Beans Meet Booze: Do This At Home

Just in time for holiday entertaining –here are three coffee-alcoholic beverages that are quite impressive. If you like your coffee and your alcohol, the combination of both together can be extra enjoyable. In a New York Times video, former restaurant critic Frank Bruni talks with a bartender at a SoHo bar who offers five coffee mixed drinks that go way beyond Irish coffee. Three of the iced offerings are demonstrated in the video.

One example is a drink called “Double Punch”. It combines chilled coffee, Pisco (brandy made from grapes), Marasco liqueur, grapefruit and ice. The “World’s Best Dad” features apple brandy, Carpano Antico (Vermouth), demerara sugar and coffee. Bruni’s favorite was the newest, nameless concoction of tequila, cointreau (orange) liqueur, orange bitters, refined sugar syrup, gynormous ice (big cube) and orange garnish (a squeeze of fresh orange). This earned the descriptive compliment: “like a Marguarita got mugged at Starbucks”. There must have been chilled coffee in this somewhere, but the bartender neglected to mention it.

With all of the talk about caffeinated high-energy drinks, which of course do not contain coffee, it’s timely to consider really cool coffee-alcoholic drinks with a little less sugar, a little less caffeine, no chemicals, but a lot more good taste. You don’t have the convenience the readymade-in-the-can offers, but you can get creative and find your own favorites.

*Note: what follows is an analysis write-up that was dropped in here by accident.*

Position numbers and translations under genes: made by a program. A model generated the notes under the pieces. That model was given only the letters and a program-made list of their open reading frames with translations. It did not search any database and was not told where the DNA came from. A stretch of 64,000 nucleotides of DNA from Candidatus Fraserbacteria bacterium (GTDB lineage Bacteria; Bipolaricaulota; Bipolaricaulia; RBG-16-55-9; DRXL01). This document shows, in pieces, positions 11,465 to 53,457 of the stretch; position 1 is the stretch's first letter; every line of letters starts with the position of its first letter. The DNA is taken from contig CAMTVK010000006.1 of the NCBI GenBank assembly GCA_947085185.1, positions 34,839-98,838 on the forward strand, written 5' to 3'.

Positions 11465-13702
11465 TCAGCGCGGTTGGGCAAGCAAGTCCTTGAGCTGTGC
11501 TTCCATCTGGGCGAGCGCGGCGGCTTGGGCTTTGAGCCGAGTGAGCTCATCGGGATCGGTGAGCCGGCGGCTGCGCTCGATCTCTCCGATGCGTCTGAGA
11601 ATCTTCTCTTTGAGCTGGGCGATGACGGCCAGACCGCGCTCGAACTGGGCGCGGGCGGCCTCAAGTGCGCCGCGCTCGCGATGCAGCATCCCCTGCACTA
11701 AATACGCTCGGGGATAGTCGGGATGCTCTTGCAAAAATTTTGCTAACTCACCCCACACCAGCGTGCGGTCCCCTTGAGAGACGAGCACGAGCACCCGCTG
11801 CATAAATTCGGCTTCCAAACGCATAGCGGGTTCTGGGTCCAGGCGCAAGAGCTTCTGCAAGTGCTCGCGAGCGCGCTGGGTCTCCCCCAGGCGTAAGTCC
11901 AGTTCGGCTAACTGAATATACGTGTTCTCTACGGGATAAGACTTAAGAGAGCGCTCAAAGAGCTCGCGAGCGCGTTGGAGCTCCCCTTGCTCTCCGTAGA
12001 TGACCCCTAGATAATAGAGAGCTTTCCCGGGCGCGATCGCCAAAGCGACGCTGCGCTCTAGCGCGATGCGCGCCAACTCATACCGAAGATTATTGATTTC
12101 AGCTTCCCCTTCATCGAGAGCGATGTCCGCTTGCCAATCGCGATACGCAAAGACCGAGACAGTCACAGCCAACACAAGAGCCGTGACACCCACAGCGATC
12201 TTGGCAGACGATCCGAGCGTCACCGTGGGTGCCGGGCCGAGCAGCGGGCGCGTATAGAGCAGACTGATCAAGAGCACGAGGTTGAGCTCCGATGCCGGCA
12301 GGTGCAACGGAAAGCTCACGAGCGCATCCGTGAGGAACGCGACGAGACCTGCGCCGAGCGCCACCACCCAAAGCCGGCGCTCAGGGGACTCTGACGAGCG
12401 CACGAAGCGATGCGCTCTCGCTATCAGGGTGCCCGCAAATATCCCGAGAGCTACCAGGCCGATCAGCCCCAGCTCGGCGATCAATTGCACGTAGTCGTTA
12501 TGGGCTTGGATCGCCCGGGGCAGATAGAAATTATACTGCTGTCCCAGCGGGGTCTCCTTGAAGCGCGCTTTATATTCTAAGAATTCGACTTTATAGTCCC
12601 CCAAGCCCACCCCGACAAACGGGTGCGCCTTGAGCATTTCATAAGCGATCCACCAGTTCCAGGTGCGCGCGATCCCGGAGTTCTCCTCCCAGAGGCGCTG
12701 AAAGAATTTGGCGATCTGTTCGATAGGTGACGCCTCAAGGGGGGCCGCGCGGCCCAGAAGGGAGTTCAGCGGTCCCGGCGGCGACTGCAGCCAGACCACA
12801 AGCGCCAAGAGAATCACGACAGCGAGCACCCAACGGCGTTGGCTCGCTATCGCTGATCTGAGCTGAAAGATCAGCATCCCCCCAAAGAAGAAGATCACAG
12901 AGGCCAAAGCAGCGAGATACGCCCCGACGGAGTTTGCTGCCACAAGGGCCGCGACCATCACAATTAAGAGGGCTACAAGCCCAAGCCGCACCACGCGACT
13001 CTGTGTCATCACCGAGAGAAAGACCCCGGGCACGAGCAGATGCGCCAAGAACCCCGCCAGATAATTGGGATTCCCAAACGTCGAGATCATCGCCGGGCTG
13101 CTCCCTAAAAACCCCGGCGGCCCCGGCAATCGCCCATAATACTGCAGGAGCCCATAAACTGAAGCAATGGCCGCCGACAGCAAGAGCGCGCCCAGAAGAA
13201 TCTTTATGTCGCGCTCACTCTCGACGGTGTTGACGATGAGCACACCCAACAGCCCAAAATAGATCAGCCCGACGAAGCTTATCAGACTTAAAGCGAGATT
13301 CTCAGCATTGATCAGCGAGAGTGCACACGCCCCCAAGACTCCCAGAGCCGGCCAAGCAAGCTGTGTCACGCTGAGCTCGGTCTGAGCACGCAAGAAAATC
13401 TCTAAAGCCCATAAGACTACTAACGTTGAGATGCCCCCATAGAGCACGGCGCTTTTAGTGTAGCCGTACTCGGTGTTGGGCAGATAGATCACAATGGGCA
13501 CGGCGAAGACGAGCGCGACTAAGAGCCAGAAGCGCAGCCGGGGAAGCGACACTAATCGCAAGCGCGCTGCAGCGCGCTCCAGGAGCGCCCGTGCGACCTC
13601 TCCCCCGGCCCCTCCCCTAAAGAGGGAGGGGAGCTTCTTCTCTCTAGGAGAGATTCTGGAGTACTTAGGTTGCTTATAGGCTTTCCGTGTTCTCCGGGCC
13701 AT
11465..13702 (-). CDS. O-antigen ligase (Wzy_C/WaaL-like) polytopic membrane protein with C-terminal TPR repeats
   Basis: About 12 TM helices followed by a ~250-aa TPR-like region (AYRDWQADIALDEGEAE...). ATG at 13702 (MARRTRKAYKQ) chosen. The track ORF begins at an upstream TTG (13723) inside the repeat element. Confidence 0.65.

If all these liqueurs seem a little daunting, you can experiment with more common alcoholic drinks and coffee. Besides the tried and true Irish Cream, even adding something like peppermint schnapps to hot coffee can make a very pleasant cup. Though it might seem redundant, coffee liqueurs not surprisingly mix well with coffee. Just about any liqueur will do - try almond or chocolate. For a dramatic drink, a Café Nero involves rimming a glass with sugar, coating the inside of the glass with more sugar and lime juice; fill the glass halfway with Galliano and carefully light it. Twirl the glass slowly to melt and caramelize the sugar, then fill with coffee. Maybe this is one you shouldn’t try at home alone, unless you live near the fire department or at least keep a fire extinguisher handy. But it sure would be impressive once you practice enough to pull it off.

Will these drinks give you high energy? The tension between the caffeine upper and the alcoholic downer doesn’t exactly become neutralized, but everyone is different in how they react to these two
mind-altering substances. Moderation is always a good practice.

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